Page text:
WASHINGTON, Oct. 18 (UPI) -- Because our media has predominantly featured the Australian, British and other Western victims of the radical Islamist attacks on Bali, it is easy to forget that the primary intended victims of the assault were the Balinese themselves. To the extent that Australians and other non-Balinese were intended victims, it was primarily for the purpose of destroying the Balinese tourist industry. Killing Westerners was a tertiary, albeit welcome benefit in the eyes of the jihadists.
For them, the root cause they seek to fight against is not Israel, or Afghanistan. It is Christian "infidels" and Balinese "idolaters" polluting the Land of Islam, of which, in their view, Bali is part.
Based on the Taliban experience in Afghanistan, we have a pretty good idea what the Balinese can expect should the radical Islamists fulfill their plans to take power in Indonesia. Bali's temples and religious monuments representing its unique blend of Hinduism and Buddhism would be destroyed -- remember the Bamiyan Buddhas -- and replaced with plain whitewashed mosques. Balinese music would be outlawed and their instruments destroyed. Those who resisted conversion to Islam would have to wear an identifying symbol such as a saffron patch on their clothes at all times. The Balinese tourism industry would be destroyed and the island, now poor but developing, would be plunged into primitive semi-starvation.
The Balinese understand this, and for the time being fervently support the national government, which preserves the traditional accommodations between Balinese and Muslim Indonesians. Should the government lose coherence, their only hope would be independence with foreign support which, as East Timor demonstrated, would be a very problematic option.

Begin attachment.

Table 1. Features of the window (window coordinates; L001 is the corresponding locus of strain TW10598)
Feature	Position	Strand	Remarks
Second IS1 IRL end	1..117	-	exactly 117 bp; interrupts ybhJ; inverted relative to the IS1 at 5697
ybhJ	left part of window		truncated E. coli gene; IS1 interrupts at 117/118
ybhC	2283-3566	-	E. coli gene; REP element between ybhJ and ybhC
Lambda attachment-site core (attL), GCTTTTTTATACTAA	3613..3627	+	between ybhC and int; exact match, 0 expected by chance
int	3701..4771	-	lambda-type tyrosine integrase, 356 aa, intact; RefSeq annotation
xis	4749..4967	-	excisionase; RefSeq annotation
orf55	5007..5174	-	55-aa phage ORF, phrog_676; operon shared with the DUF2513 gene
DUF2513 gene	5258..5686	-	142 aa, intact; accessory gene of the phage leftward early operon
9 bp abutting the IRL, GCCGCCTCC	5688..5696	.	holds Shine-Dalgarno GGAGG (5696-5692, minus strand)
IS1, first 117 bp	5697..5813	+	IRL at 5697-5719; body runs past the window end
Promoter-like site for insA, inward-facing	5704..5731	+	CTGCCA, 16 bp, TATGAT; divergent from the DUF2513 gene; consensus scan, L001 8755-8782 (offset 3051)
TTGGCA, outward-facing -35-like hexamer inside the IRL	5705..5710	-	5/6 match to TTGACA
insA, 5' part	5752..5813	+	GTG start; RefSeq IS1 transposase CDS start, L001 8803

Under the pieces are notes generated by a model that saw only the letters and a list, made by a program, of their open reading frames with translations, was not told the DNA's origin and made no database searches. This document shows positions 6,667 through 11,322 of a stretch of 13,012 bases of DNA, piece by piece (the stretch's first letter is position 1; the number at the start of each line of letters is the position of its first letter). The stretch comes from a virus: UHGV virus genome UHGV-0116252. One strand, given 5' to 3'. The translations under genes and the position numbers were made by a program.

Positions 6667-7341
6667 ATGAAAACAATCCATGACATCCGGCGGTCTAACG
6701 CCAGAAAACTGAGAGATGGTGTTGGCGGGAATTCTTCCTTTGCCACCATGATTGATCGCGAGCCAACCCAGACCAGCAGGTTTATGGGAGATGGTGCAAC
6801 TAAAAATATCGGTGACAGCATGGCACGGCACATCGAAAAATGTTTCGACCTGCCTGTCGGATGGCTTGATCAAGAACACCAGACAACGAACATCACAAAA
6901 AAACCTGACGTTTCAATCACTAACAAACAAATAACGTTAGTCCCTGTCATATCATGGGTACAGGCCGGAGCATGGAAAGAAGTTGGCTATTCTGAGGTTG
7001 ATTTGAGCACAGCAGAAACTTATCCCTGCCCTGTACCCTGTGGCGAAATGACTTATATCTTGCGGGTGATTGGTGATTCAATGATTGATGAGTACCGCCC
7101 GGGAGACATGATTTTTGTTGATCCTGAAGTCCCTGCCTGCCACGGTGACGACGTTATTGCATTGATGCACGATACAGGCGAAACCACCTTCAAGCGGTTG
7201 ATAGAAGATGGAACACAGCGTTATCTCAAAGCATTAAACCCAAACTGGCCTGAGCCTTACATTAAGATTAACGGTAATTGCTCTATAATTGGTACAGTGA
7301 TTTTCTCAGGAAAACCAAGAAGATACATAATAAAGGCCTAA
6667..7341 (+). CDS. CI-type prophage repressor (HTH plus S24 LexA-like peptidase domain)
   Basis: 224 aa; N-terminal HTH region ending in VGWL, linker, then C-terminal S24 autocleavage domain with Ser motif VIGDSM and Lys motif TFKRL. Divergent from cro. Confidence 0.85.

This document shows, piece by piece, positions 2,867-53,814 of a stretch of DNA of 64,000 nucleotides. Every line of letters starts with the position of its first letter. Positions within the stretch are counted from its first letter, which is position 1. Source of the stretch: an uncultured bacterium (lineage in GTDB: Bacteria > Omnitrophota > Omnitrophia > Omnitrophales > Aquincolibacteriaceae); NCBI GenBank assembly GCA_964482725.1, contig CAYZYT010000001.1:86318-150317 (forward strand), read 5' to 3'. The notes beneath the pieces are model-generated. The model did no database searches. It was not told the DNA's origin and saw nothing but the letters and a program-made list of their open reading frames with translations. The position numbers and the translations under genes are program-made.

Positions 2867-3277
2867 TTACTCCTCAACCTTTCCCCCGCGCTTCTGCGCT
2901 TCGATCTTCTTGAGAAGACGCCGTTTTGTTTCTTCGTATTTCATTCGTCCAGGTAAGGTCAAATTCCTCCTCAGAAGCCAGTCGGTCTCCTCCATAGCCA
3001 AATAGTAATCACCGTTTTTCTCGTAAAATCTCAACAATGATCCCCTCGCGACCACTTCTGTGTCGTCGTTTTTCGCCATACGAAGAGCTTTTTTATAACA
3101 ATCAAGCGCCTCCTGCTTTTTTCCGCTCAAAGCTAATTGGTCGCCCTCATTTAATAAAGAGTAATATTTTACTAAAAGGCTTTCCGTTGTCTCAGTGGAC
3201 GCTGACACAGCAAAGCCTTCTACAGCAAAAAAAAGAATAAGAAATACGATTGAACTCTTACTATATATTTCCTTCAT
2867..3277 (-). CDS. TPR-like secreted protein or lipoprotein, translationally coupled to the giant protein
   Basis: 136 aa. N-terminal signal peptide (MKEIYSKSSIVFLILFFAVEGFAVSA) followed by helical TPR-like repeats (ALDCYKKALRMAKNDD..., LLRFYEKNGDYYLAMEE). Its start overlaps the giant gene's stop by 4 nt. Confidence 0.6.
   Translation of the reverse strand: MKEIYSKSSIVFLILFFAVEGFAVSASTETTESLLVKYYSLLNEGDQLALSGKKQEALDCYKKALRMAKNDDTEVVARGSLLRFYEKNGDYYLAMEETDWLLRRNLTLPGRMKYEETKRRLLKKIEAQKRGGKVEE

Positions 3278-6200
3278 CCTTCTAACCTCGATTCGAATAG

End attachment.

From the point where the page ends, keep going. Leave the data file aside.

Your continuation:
In Australia, there are two competing interpretations of the Bali attacks. Which one prevails will be critical to the security of Australia and Australians, and important to the United States. One interpretation sees the attacks as a consequence of Australian support for the U.S. policy in Afghanistan and on the issue of Iraq. Its conclusion is that Australia should cut and run, and hope not to be attacked again.
The other sees the attacks as evidence that Australia has no options in this war; that Australians were attacked not for what Australia had done, but for what Australians were. They see, quite correctly, that if radical Islamists conclude that the easiest way to change Australian behavior is to kill a substantial number of Australians, then Australians will be murdered in large numbers again and again.
This is not speculation. Captured al Qaida documents show again and again that Osama bin Laden and his associates were deeply impressed by the lesson that inflicting a few casualties on America in Lebanon, Somalia, and elsewhere was the easiest way to get Americans to abandon their undertakings.
No matter what Australia had done after Sept. 11, 2001, it is likely that the Australians in Bali would still have died. Certainly the Germans and other Europeans who died alongside them received no consideration for their governments' temerity.
Australia's options are permanently connected to the fate of Indonesia. For the foreseeable future, Australia will have as its closest major neighbor a state that is vastly more populous, vastly poorer, riven by religious factionalism and ethnic separatism, and burdened in its quest for development by a weak civil society.
An Indonesia fragmented by religious and ethnic struggle would be a source of masses of desperate refugees. An Indonesia dominated by radical Islamists would be a nightmare. Consider the words of one of Indonesia's radical Islamist leaders, Abu Bakar Baasyir. Asked if there was anything he wanted to say to families who lost relatives in the Bali bomb attack, he said: "My message to the families is please convert to Islam as soon as possible."